Couillard, Marois meeting only next week
QUEBEC - Quebec premier-designate Phillipe Couillard will have to wait at least a few more days before discussing the transition of power with his predecessor, Pauline Marois.
The symbolic but important post-election meeting signifying the change typically takes place a few days after a provincial election.
Interim Parti Quebecois Leader Stephane Bedard said Friday a face-to-face encounter should occur sometime early next week but he did not specify the day.
It isn't expected before Tuesday.
In the meantime, members of the Liberal transition team have been meeting behind the scenes with their PQ counterparts.
In September 2012, outgoing Liberal premier Jean Charest met with Marois just 48 hours after his party's election loss.
There was still no official word from Marois's camp on Friday, four days after Monday's general election which saw the Liberals snag 70 of the 125 seats in the legislature to form a majority government.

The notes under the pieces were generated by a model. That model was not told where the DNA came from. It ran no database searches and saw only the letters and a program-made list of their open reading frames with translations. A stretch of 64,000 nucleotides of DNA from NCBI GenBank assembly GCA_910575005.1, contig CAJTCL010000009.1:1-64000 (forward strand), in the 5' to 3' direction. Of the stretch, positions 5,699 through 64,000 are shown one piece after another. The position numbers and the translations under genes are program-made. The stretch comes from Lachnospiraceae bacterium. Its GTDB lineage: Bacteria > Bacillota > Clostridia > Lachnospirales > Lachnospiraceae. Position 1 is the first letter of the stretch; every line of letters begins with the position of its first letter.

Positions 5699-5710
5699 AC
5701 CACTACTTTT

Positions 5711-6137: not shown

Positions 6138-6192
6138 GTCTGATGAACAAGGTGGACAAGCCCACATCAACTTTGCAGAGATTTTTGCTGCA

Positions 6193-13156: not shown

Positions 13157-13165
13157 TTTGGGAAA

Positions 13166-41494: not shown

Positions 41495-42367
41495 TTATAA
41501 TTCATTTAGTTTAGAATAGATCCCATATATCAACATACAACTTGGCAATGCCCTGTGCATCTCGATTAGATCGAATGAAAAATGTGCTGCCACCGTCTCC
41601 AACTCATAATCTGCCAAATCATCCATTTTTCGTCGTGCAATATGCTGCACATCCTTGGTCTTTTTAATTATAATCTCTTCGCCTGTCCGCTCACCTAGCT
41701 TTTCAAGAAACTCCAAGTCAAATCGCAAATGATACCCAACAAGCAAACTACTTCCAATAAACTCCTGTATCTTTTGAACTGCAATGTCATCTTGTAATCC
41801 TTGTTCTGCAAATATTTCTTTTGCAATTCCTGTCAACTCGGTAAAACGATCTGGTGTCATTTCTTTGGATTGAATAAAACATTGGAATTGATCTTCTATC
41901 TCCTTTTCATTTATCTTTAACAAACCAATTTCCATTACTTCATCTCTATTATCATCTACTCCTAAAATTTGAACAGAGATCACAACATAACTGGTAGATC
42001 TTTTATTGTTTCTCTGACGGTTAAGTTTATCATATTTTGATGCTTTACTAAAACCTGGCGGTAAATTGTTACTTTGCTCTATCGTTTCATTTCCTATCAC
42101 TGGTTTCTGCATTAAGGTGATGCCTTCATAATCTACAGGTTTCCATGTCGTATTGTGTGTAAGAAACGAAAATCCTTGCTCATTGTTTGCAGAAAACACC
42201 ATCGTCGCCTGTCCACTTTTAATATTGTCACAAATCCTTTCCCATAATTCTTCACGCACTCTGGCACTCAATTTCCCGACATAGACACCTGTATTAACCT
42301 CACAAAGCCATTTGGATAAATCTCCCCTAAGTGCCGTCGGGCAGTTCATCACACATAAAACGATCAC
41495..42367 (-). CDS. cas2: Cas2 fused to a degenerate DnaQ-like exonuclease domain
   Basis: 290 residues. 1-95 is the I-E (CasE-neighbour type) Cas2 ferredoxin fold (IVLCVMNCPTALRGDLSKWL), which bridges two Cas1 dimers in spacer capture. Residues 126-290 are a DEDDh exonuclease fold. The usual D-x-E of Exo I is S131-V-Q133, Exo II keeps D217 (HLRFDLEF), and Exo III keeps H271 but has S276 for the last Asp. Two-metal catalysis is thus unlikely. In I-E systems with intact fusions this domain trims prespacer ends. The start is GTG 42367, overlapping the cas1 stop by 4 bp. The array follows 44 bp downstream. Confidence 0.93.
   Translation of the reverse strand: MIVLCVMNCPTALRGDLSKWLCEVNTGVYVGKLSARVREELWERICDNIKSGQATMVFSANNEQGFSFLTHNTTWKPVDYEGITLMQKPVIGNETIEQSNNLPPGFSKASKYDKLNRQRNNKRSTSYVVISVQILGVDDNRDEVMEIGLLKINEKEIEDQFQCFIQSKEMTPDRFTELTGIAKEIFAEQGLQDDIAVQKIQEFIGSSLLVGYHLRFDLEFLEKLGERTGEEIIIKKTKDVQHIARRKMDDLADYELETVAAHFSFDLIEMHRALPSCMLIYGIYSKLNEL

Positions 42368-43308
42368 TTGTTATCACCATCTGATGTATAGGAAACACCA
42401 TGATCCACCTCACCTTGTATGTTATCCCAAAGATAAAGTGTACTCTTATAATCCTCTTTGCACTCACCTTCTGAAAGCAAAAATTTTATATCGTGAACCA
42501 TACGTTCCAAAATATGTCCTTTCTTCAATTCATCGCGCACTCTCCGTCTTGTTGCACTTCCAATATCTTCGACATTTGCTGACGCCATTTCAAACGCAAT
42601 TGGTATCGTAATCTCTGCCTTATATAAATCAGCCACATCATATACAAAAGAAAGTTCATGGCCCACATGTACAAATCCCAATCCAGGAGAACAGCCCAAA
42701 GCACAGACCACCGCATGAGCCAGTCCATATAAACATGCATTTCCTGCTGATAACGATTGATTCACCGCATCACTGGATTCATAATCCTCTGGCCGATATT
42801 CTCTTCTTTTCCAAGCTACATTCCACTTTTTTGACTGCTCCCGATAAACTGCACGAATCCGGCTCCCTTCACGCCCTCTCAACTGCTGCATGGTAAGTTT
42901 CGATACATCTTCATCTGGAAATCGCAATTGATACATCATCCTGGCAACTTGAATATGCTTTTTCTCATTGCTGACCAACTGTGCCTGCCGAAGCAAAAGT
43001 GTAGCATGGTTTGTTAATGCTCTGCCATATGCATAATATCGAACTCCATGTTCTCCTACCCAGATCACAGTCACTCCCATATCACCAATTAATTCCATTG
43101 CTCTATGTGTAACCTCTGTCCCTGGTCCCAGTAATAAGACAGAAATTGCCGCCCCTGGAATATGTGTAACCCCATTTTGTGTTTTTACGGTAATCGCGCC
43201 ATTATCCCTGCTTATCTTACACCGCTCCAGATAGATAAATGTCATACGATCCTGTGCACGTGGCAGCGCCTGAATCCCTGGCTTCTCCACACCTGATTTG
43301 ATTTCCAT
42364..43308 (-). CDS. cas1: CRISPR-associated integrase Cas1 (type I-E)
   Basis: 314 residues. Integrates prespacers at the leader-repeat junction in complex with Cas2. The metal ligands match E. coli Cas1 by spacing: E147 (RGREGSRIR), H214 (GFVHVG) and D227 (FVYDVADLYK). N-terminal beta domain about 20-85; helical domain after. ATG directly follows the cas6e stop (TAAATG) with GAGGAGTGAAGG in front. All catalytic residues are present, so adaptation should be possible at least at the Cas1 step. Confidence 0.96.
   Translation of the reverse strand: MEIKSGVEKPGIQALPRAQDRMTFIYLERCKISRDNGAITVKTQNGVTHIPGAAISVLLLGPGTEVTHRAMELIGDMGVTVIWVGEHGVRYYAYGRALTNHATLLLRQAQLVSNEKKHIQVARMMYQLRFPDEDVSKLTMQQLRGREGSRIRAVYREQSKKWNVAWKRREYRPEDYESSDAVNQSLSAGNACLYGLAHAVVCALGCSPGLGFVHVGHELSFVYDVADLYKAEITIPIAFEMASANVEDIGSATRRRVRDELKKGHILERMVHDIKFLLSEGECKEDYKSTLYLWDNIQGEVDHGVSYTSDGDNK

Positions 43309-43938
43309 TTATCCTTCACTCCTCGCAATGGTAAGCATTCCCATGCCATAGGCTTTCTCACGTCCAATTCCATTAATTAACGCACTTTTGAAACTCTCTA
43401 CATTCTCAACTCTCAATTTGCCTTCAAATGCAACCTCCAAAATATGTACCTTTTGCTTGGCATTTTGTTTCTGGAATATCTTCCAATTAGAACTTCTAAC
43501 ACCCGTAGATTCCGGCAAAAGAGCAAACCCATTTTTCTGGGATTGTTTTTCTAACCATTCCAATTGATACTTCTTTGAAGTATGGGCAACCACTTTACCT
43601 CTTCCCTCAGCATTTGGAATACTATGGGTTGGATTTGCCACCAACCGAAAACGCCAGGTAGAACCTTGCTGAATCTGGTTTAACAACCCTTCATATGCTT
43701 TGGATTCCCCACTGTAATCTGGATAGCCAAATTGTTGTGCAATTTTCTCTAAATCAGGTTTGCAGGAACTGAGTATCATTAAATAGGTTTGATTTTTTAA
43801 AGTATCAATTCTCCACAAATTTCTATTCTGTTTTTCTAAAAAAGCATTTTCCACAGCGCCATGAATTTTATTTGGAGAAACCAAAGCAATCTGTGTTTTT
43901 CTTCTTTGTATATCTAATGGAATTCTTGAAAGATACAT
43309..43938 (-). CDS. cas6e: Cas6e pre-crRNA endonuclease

The PQ was left with 30 seats following the stunning defeat and Marois lost her own riding of Charlevoix-Cote-de-Beaupre.
The outgoing premier has been careful to avoid reporters since announcing on election night she was stepping down.
According to Charles Robert, an associate of Couillard, the radio silence from Marois's inner circle is, at the very least, "surprising."
The Liberals had hoped for a meeting within two or three days of the election but were rebuffed, Robert said.
The final PQ caucus meeting should be held next week while the income premier intends to form his own cabinet the following week, after Easter.
Bedard, who was named interim leader Thursday, told a news conference the transition process is well under way and has been harmonious. There is a spirit of co-operation with the Liberals, and government departments have opened their doors, he said.
In Bedard's opinion, the date of a Couillard-Marois meeting is not as pressing as it's made out to be.
"In the first two days or in the first seven, it doesn't matter, the transition has already started," Bedard said."The people are meeting also, there aren't any problems. I think trying to make a story out of this is missing the point."